He was considered the father of Spain's post-Franco economic wonder. As the new head of the International Monetary Fund, many are hoping Rodrigo Rato can fix the global economy.
Rodrigo Rato is packing his bags for Washington.
Just a short time ago, Rodrigo Rato seemed like the classic political loser, a victim of insider deals and the calculus of power at the top of Spain's conservative People's Party (PP). The 55-year-old "super minister" for economics and finance had for years been considered the desired successor to then Prime Minister Jose Maria Aznar.
But then Aznar instead gave priority to his right-hand man, Mariano Rajoy. But fate was kinder to Rato. Now his former cabinet colleagues have been forces back into the opposition, but Rato will be taking a position on the world stage.
Rato is the new president of the International Monetary Fund, the organization that provides loans to countries whose economys have gone awry, provided they adhere to the IMF's strict criteria. As an advocate of strict financial discipline in Spain and Europe and as the voice on conscience against deficit sinners like Germany and France, Rato knows a lot about stability criteria. But the lawyer didn't land in the president's chair at the IMF because of his fiscal policy merits. He partly landed the job because the United States rejected the appointment of France's Jean Lemierre, who was Rato's main competition in the running.
The father of Spain's economic miracle
When Rato became Spain's finance minister in 1996, unemployment in the country was at 23 percent and the federal budget deficit was a soaring 6 percent. Within eight years, Spain's unemployment rate had been halved and the deficit pushed down to zero. He also helped bring the country in line with the Maastricht criteria for entering the euro zone, all the while stewarding a growth rate that was, for many years, one of the highest in Europe.
But he's also had his share of detractors. Critics note that much of Spain's economic growth was the result of loans, especially from the European Union. Many also see the high level of personal debt in the country as one of the dark sides of the economic upswing. Others say he used statistical tricks to cook the unemployment rate down to a still high 11 percent.
In Aznar, his longtime boss and college friend, Rato had a strong ally. Aznar was also fond of praising Rato's work. Recently he described Rato as "the best economics minister Spain has had since it's return to democracy."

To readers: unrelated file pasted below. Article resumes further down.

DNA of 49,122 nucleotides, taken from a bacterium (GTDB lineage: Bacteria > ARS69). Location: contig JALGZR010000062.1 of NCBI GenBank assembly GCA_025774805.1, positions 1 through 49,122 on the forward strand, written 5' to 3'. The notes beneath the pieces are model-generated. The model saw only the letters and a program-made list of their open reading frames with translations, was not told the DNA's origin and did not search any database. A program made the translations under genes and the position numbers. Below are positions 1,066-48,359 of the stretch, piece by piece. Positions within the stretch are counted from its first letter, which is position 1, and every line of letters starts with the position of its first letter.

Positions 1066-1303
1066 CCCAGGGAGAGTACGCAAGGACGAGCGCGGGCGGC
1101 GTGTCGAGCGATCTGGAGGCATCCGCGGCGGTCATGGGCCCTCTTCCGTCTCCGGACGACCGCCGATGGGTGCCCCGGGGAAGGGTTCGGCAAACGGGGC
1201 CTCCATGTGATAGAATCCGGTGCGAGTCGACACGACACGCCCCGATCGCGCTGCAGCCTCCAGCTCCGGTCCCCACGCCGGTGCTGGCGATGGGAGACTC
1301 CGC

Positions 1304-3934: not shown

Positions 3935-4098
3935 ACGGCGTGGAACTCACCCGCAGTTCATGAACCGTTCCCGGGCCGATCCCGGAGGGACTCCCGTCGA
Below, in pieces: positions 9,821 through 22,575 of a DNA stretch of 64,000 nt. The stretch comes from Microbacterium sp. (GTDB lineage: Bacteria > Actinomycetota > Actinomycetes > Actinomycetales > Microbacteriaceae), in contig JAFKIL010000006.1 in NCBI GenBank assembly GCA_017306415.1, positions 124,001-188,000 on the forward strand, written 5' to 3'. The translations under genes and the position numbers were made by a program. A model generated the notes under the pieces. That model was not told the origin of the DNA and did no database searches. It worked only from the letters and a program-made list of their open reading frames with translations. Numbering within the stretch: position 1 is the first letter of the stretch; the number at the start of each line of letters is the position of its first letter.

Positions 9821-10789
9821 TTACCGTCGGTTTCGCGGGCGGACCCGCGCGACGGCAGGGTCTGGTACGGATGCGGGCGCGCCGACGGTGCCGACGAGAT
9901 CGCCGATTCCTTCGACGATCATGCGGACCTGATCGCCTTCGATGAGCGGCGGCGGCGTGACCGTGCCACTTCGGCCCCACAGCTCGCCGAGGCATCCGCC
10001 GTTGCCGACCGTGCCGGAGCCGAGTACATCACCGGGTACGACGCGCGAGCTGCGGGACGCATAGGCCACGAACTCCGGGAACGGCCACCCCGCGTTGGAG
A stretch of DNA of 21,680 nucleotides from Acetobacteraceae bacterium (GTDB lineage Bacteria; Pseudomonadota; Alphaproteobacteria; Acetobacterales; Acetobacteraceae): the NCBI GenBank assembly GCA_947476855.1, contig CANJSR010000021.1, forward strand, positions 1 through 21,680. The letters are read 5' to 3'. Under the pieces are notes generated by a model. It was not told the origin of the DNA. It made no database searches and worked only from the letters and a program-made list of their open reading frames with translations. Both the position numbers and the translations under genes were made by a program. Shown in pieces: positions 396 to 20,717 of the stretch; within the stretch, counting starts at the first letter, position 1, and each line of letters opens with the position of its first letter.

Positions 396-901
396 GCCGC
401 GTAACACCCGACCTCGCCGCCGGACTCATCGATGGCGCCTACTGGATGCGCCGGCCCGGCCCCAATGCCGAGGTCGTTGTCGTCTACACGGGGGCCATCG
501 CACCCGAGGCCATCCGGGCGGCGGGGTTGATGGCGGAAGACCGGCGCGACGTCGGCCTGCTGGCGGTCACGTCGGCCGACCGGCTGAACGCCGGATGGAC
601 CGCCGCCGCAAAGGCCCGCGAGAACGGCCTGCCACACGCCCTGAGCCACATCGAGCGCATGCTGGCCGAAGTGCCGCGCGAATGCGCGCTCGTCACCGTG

Born with a silver spoon
With such accolades from the once very popular prime minister, it's surprising that Rato was never really well liked by the Spanish people. In the eyes of most Spaniards, Rato had one major deficit: Born into one of Spain's richest business families, he was a child of privilege. And he hasn't always been modest. His opponents describe him as an arrogant man who doesn't always make the best impression. "He doesn't beam good energy," a former colleague said. "He's certainly not soft."
At least Rato won't have to change his economic policies in his new position. He comes to Washington from Madrid as the "wonder healer" who doesn't pull punches when it comes to tough economic prescriptions. The IMF, too, wants to maintain a tough position against debtor lands, and many are hoping the Wonder of Madrid will become the Wonder of Washington.
Privately, Rato is seen as a more casual person, who at times is even willing to ruffle feathers in his party to send out a political message. Few were pleased when he campaigned in Madrid's Chueca neighborhood, a mecca for Spanish gays and lesbians. Others in the conservative party raised eyebrows over the fact that he separated from his wife 20 years ago. But colleagues still describe him as a humorous and highly communicative man.
His successes haven't been isolated to politics. Last summer, he obtained a doctorate degree after completing a 400-page dissertation on the role of fiscal policies in Spain's tremendous economic growth. Rato's result: the highest possible grade, of course.